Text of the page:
JJ: Oh cool, it’s always nice to meet someone with some shared history! Yeah, I think you’re totally right. I was also discovering music right around the time of Kazaa and Limewire, and we had just gotten our first computer with a CD burner. So I think a lot of my experience with that was mostly hearing songs in skateboarding videos, and then watching the credits to figure out what they were. Then finding stuff online and burning myself CDs to listen to between classes at school, or to air drum along to in my bedroom haha. I remember watching the Zero video, Misled Youth, and that being the first time I heard Queen, The Doors, The Who, Modest Mouse, The Rolling Stones, all kinds of stuff… It was a really exciting time to not just have everything as accessible as it is now – to kind of have to do some digging. It was very exciting and rewarding, for sure.

AH: What was the writing and recording process like for “Rock & Roll Music?” Did the arrangement change, or did you have a pretty clear vision from the start?

JJ: At the time I was listening a lot to John Cale’s Vintage Violence album, and I remember thinking, “man, I really want to try to write a song like this.” I sat at my piano and started banging something out with that in mind – I found the main chord progression, structure and melody pretty quickly, but as I went I started worrying that I had really missed the mark I was originally aiming for. It had started feeling more like a Little Richard tune or something, and I was like, “oh well that’s super cool too” haha. Then, thinking more about early rock and roll, the lyrics started coming pretty quickly, and I was really excited to find out that I actually had something I wanted to say, that I hadn’t really articulated in a song before. As I saw it all come together it became one of my favorite songs on the record. It was one of those that I wrote and recorded at the same time. There was no demoing for that one. It’s really fun when that happens.

AH: What do you hope listeners take away from this song?

JJ: I think it would be cool if it helped someone challenge any beliefs that were put on them, and encouraged them to ask questions and figure out what they really believe for themselves. Not even specifically with religion, but in my case, in relation to this song it was scary to start confronting the ideas that were presented to me my whole childhood into early adulthood. I’m really grateful to be at a point where I feel like I know mostly who I am, and to also be able to realize that everyone is on their own journey, and making sense of things the best way they can, and should be treated with respect and kindness. And that, ultimately, everyone wants to be seen, and understood, and loved.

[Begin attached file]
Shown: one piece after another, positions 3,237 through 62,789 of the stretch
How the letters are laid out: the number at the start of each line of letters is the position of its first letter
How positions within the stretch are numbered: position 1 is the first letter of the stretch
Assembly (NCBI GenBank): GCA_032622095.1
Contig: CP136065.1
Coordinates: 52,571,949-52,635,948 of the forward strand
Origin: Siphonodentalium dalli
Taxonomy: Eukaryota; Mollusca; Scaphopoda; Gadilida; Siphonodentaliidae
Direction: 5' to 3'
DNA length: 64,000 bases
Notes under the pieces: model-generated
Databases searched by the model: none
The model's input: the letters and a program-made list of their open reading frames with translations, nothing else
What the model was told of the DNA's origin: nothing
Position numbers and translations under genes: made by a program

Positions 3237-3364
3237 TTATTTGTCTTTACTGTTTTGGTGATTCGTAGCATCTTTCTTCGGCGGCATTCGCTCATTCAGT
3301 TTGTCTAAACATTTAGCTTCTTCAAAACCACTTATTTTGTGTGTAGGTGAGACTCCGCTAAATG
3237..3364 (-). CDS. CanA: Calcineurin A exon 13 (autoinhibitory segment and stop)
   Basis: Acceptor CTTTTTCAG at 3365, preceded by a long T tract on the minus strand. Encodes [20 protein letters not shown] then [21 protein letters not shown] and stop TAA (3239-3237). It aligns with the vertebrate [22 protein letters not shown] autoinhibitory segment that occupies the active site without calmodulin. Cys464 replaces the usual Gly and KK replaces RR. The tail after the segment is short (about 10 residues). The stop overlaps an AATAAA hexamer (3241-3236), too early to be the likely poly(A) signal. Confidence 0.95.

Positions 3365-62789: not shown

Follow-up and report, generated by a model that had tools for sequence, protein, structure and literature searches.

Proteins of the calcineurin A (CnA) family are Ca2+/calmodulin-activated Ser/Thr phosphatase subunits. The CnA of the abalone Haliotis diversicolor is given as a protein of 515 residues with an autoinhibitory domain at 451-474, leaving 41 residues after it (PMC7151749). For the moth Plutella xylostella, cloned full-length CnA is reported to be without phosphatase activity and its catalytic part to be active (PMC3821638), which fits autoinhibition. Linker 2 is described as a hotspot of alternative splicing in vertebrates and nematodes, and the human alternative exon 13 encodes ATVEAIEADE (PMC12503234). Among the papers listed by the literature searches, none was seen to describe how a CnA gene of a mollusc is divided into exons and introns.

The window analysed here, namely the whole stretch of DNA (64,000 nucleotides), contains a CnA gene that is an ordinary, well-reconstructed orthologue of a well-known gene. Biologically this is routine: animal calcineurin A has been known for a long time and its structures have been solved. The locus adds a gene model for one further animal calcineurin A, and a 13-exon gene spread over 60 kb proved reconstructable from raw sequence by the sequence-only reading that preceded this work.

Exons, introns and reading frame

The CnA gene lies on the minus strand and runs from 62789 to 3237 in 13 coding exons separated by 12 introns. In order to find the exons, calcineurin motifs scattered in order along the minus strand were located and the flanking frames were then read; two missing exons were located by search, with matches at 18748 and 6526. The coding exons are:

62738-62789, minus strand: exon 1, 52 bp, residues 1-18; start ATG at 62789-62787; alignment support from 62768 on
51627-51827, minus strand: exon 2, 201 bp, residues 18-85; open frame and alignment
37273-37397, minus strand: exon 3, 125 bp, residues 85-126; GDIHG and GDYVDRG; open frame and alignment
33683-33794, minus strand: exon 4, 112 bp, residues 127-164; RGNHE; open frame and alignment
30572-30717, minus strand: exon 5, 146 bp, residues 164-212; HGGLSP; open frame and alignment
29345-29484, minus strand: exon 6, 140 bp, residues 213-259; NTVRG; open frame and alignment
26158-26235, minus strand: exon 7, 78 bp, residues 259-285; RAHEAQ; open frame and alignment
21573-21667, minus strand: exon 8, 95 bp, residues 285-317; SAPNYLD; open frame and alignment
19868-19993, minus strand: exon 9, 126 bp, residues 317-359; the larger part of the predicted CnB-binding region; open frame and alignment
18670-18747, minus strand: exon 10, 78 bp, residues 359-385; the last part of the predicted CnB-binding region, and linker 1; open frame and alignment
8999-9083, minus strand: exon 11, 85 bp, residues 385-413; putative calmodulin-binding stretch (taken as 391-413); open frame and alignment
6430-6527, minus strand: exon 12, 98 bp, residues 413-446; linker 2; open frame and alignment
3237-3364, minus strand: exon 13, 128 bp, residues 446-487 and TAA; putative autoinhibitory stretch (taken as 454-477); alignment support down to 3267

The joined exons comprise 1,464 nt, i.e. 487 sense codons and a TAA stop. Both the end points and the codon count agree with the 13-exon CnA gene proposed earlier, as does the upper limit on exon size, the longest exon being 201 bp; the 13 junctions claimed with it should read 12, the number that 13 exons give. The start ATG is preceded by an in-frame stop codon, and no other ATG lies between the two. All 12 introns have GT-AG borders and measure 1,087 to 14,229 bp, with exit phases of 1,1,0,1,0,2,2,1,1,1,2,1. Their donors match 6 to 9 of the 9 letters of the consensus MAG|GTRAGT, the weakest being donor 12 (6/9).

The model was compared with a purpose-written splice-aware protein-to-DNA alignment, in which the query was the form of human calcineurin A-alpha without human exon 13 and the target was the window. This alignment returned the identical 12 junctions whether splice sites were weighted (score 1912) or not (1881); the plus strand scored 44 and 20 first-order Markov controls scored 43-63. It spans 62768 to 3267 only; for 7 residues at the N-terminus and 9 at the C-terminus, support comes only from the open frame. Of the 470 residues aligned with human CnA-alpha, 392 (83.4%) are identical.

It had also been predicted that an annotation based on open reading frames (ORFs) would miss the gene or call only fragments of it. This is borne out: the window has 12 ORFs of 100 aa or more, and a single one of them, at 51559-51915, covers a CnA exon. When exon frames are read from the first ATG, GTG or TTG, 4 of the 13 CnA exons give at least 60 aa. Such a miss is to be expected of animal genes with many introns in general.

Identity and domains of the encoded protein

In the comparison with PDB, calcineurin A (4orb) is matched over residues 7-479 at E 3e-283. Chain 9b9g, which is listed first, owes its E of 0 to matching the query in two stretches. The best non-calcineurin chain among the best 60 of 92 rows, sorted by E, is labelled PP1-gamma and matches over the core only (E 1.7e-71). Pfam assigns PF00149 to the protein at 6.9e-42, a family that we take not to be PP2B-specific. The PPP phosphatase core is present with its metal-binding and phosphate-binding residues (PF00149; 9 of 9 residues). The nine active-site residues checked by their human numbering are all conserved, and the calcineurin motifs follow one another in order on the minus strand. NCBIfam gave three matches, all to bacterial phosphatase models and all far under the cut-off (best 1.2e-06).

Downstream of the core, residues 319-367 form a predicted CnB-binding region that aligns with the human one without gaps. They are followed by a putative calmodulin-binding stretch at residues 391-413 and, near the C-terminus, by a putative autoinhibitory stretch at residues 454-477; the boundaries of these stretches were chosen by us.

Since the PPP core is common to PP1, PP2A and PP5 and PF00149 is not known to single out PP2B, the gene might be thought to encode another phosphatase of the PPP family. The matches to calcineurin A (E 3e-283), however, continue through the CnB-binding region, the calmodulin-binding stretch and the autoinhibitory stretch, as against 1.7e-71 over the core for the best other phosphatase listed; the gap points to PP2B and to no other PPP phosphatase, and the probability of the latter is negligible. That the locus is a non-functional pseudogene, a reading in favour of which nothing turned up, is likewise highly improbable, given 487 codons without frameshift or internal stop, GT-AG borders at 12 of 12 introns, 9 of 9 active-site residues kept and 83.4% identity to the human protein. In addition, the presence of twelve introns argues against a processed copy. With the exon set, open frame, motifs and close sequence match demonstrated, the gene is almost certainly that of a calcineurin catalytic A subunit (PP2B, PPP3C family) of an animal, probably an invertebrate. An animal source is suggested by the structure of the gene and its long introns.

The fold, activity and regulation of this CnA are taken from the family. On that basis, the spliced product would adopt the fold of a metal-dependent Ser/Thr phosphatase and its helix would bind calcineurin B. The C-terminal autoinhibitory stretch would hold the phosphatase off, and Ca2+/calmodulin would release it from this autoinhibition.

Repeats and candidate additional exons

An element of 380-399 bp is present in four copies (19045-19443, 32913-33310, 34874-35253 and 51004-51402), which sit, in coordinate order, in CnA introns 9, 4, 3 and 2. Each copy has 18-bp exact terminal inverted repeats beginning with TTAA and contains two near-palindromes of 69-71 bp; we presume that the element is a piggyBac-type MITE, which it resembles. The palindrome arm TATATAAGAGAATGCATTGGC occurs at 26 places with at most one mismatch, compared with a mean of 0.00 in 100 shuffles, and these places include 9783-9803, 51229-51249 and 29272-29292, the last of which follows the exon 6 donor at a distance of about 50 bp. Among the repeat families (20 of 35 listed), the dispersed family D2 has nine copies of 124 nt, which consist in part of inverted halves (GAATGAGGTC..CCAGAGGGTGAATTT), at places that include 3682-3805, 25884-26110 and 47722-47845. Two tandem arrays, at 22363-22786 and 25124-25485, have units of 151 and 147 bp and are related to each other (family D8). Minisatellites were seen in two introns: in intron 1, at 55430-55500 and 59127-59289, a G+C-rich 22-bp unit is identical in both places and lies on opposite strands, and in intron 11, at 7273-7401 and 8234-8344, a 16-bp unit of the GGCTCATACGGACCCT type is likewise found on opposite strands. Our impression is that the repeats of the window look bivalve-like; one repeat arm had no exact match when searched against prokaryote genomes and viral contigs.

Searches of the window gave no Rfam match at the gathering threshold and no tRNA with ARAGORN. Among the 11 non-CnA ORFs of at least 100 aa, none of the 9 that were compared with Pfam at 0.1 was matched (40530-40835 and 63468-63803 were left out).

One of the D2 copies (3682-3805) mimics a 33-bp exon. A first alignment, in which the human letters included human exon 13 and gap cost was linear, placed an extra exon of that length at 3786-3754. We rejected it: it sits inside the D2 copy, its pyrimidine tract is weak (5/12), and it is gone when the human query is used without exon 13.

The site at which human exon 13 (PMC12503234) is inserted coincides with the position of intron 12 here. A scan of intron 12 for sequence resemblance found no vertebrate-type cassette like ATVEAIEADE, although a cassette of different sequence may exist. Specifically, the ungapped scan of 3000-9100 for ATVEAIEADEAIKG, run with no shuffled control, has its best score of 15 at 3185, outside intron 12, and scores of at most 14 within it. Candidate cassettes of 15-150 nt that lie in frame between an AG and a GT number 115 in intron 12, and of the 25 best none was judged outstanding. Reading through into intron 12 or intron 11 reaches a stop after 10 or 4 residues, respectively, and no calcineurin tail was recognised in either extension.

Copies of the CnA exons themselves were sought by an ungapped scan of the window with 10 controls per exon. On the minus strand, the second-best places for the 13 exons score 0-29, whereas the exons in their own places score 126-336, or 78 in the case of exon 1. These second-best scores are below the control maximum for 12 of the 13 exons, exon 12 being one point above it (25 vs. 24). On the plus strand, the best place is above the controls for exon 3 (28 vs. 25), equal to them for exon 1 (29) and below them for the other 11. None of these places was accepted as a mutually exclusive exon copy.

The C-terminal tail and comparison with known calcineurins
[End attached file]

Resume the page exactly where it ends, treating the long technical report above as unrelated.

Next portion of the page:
It also would be great if it just made someone feel good and want to dance, or whatever.

AH: When can we expect more music?

JJ: This album, Do You Bongo? comes out August 19 on my label, Eyebrow Palace. It’ll be streaming everywhere, and there are some cool physical things you can get through my bandcamp page. That pre-order is up now.

I also just finished a new collaboration record with my friend, Jake Borgemenke, who’s a really great songwriter, multi-instrumentalist and self-recordist. That should be coming out in February with a cool label in Cincinnati called Lo Fi City. And then I have a double album pretty much done that should be out Fall 2023 that I’m super excited about! Always something new in the works. Following me on bandcamp is a really great way to keep up with everything I’m doing. That’s: Thanks so much!

This is a wonderful throwback rock & roll song, with the kind of shakin’ groove that’s truly timeless.  Kudos to Joey Joesph on capturing the essence of early rock & roll.


Leave a Reply!